Thursday, July 31, 2008

Art & Yoga at Lotus Studio with Pam Viviano on Sat, Aug 2

Originally uploaded by pamviviano
Viniyoga instructor and artist Pamela Viviano says, " the potential for creativity that is unleashed from meditation and yoga is combined in my yoga practice and in children’s classes as a form of creative play: Drawing and coloring is a form of expression. The critic is hushed, the unconscious takes over, and healing is allowed to take place. Come experience an easy yoga class, then play with oil pastels and paper. No experience is necessary in either yoga or art. Materials will be provided. All ages 13 and above are welcome."

Pamela is a certified Advanced Yoga Teacher through the American Viniyoga Institute, and has an art degree from Michigan State University. She teaches yoga classes at the Lotus Studio and Bossier Parish Community College.


Folk rock / indie / country singer Idgy Vaughn at Fairfield Studios with guitarist Will Sexton on Sun, Aug 10, 7 pm

"Idgy Vaughn is easy to spot," says Jim Huckabay. "Cute as she can be with flaming red hair and a belt-em-out kinda voice, Idgy serves up her music steeped in mountain / country soul. She'll be backed by ace Austin guitarist Will Sexton. Check out her website and music at Hope to see you Sunday, August 10!"


Wednesday, July 30, 2008

The art of alternative transportation: toggling between bike and scooters in Hot Springs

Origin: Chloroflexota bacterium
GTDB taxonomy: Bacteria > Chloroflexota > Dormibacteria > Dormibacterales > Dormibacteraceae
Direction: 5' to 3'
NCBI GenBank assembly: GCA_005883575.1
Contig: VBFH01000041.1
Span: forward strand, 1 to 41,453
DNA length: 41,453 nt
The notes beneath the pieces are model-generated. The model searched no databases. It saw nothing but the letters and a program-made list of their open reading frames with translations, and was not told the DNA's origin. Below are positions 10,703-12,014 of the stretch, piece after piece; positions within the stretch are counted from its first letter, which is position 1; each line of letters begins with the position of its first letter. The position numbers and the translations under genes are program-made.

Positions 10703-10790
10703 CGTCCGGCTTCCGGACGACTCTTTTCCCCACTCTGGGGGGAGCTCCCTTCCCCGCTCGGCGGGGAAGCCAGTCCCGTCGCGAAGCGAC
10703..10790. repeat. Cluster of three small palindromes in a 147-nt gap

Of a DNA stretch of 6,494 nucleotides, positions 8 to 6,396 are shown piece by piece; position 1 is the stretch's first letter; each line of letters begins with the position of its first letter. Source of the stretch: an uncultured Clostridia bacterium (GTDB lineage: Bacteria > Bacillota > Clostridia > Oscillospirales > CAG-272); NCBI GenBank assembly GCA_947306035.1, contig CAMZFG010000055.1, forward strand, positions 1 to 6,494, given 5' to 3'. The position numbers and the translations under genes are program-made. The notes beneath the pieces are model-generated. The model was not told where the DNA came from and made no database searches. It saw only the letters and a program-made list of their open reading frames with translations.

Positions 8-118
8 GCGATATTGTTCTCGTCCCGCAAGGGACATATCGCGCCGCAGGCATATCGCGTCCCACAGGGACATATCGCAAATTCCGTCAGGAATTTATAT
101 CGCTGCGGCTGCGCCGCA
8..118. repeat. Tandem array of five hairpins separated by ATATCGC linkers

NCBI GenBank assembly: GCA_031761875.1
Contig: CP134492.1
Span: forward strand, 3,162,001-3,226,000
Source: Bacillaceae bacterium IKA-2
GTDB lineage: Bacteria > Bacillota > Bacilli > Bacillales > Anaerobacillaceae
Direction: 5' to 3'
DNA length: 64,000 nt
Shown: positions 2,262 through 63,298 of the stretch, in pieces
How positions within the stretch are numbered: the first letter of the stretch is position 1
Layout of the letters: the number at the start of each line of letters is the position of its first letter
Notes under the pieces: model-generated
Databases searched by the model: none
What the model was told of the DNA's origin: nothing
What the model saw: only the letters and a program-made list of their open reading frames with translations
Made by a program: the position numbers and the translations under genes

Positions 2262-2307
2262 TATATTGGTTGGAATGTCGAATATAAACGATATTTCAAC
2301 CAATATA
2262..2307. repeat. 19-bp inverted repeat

Aaron Butler, Hot Springs
Originally uploaded by trudeau
Musician and Centenary College grad Aaron Butler (former Red Shift, Dirtfoot, the Peekers, now with Brian Martin) added thoughtful responses to the recent series of biking articles though he has relocated to Hot Springs. I asked him for a brief evaluation of his rolling stock because I know that readers are interested in scooters.

He responded, "I went with Yamahas. I did quite a bit of research online and seemed the Yamahas got more praise for quality. My father's also been riding a Yamaha for years, so that influenced me a little. I do have quite a few friends up here that really, REALLY love their Honda Metros and the Ruckus.

I got the Vino (smaller "vespa" styled one) first because I really like the looks of it. It has now been passed on to my girlfriend. I wouldn't say I feel safer on the Zuma, but I guess it has it's benefits (better visibility to other drivers). The Zuma also has a little more power (I get a top speed of ~38 on the vino, while the Zuma does ~42).

Both are 49cc and they do just fine around Hot Springs, so I know they'll be more than adequate around Shreveport. Of course I wouldn't ride one on I-20, and I'd probably opt for "back roads" rather than the parkways as well, but at 80-90 mpg you can afford to go a little out of the way.

The 2007 Vino cost me just under $2,000 after tax and the Zuma was $2,300 after taxes - which are quite a bit higher up here.

I financed mine. And at $50 a month (for one scooter) and about $9 towards gas, I'm still spending less than I would driving my Jeep around the same amount.